Tax Treatment of Stock Options
By: JUDY S. ENGEL
A stock option is defined as a right issued by a corporation to an individual or entity to buy a given amount of shares of company stock at a stated price within a specified period of time. During the last several years, stock options have become a popular way for corporations to compensate employees. Thus, more people have an interest in stock options than ever before. This has led to new concerns about how to deal with these unique assets when a couple divorces.
The transfer of stock options in a divorce context can be complex, and IRS treatment quite varied, depending upon the facts.
Basically, there are two types of stock options:
- statutory (or qualified); and
- non-statutory (or non-qualified).
Statutory stock options qualify for tax treatment under IRC §422 or §423, which address stock options acquired through employee incentive or stock purchase plans. Non-statutory stock options are acquired in any other way.
Generally speaking, when statutory stock options are exercised, the profits are taxed as capital gains, which is currently at a rate of only 15%. When a non-statutory stock option is exercised, the profits are taxed as ordinary income, which is often at much higher rates.
If a statutory stock option is transferred from one spouse to another in a divorce, it loses its statutory classification. When the receiving spouse exercises the option, profits are taxed as ordinary income. Savvy litigants will work around this problem by agreeing that literal ownership will not transfer in the divorce. Rather, the owner of the option will “hold” it on the transferee’s behalf. When the transferee wants to exercise the option, the former spouse does so on his or her behalf and transfers the proceeds to the transferee spouse. Since the former spouse still technically “owned” the option, he or she will owe the capital gains tax; the agreement typically provides that proceeds are transferred net of taxes.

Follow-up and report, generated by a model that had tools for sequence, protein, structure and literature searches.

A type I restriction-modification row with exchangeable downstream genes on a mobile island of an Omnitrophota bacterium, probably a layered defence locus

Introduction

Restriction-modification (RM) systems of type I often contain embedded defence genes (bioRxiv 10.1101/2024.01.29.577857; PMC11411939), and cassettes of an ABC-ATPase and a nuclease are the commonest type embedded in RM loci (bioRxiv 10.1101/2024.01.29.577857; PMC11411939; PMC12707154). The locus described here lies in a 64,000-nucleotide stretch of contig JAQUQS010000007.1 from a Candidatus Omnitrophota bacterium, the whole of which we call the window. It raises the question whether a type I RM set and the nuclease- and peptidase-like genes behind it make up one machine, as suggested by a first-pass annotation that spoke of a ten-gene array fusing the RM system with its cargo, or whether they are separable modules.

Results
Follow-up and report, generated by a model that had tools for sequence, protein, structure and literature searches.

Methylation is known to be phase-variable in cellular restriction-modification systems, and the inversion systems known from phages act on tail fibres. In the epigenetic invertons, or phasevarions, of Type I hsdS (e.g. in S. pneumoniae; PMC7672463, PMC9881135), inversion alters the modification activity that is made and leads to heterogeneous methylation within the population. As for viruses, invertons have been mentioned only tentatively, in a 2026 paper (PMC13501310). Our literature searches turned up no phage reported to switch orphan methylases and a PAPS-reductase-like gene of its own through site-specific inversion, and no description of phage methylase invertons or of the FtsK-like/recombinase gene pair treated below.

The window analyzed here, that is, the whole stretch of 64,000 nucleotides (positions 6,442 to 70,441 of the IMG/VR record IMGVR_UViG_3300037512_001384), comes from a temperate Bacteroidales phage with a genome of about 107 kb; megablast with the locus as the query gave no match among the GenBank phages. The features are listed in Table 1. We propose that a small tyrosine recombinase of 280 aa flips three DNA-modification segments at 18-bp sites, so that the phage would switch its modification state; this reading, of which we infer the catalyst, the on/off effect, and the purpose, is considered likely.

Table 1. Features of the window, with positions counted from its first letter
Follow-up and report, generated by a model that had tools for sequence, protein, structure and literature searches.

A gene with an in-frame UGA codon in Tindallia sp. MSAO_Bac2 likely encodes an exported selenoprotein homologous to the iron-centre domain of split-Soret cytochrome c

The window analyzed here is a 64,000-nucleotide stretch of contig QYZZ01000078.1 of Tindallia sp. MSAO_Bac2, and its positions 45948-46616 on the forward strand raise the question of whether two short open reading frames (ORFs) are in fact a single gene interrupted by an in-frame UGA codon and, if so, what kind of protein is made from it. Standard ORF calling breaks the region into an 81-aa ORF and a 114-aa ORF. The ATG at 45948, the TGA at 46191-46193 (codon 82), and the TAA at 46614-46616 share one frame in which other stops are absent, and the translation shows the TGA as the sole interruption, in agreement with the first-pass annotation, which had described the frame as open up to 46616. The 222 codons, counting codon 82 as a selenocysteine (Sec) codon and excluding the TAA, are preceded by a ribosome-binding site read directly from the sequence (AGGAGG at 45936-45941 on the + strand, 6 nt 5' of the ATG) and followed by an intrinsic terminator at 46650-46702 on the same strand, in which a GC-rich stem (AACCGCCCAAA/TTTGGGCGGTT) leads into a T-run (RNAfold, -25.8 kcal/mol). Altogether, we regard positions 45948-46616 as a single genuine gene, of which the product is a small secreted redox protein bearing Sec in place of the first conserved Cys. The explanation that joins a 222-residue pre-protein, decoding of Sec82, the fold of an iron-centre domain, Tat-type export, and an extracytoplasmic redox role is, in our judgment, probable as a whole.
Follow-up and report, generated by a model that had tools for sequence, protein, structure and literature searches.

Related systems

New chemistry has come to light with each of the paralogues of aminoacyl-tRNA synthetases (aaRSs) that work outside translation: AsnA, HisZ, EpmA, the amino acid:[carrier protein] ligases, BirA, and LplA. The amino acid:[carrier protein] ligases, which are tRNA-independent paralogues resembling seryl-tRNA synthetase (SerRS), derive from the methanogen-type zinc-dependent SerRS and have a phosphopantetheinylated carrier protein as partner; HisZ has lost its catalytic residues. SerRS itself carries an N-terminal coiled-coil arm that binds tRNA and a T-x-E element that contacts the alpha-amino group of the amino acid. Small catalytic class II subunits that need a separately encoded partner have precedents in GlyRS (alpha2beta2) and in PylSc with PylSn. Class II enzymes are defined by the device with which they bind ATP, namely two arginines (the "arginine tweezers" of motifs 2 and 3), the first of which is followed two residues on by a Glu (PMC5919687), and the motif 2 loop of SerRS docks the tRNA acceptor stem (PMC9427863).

A former problem with respect to stock option divorce transfers has recently been fixed. Under IRC §1041, assets transferred in the context of a divorce are not taxed at that time. However, in 1999, the IRS suggested that if non-statutory stock options were transferred in a divorce, the transferor spouse should be taxed on their fair market value despite IRC §1041. The IRS fixed this problem in 2002 with revenue ruling 2002-22, which brought the transfer of non-statutory stock options in line with IRC §1041. It is now clear that when a non-qualified stock option is transferred in a divorce, there is no immediate taxable event. Rather, the transferee spouse will pay ordinary income tax on the profits on exercise. Unfortunately, this rule applies to vested stock options only; if a non-vested non-statutory stock option is transferred in a divorce, it will still likely be taxed at the time of transfer.
The laws and rules governing stock options transferred in a divorce are likely to continue to change. Thus, any party to a divorce contemplating the transfer of stock options would be well advised to seek the advice of a knowledgeable attorney and/or accountant.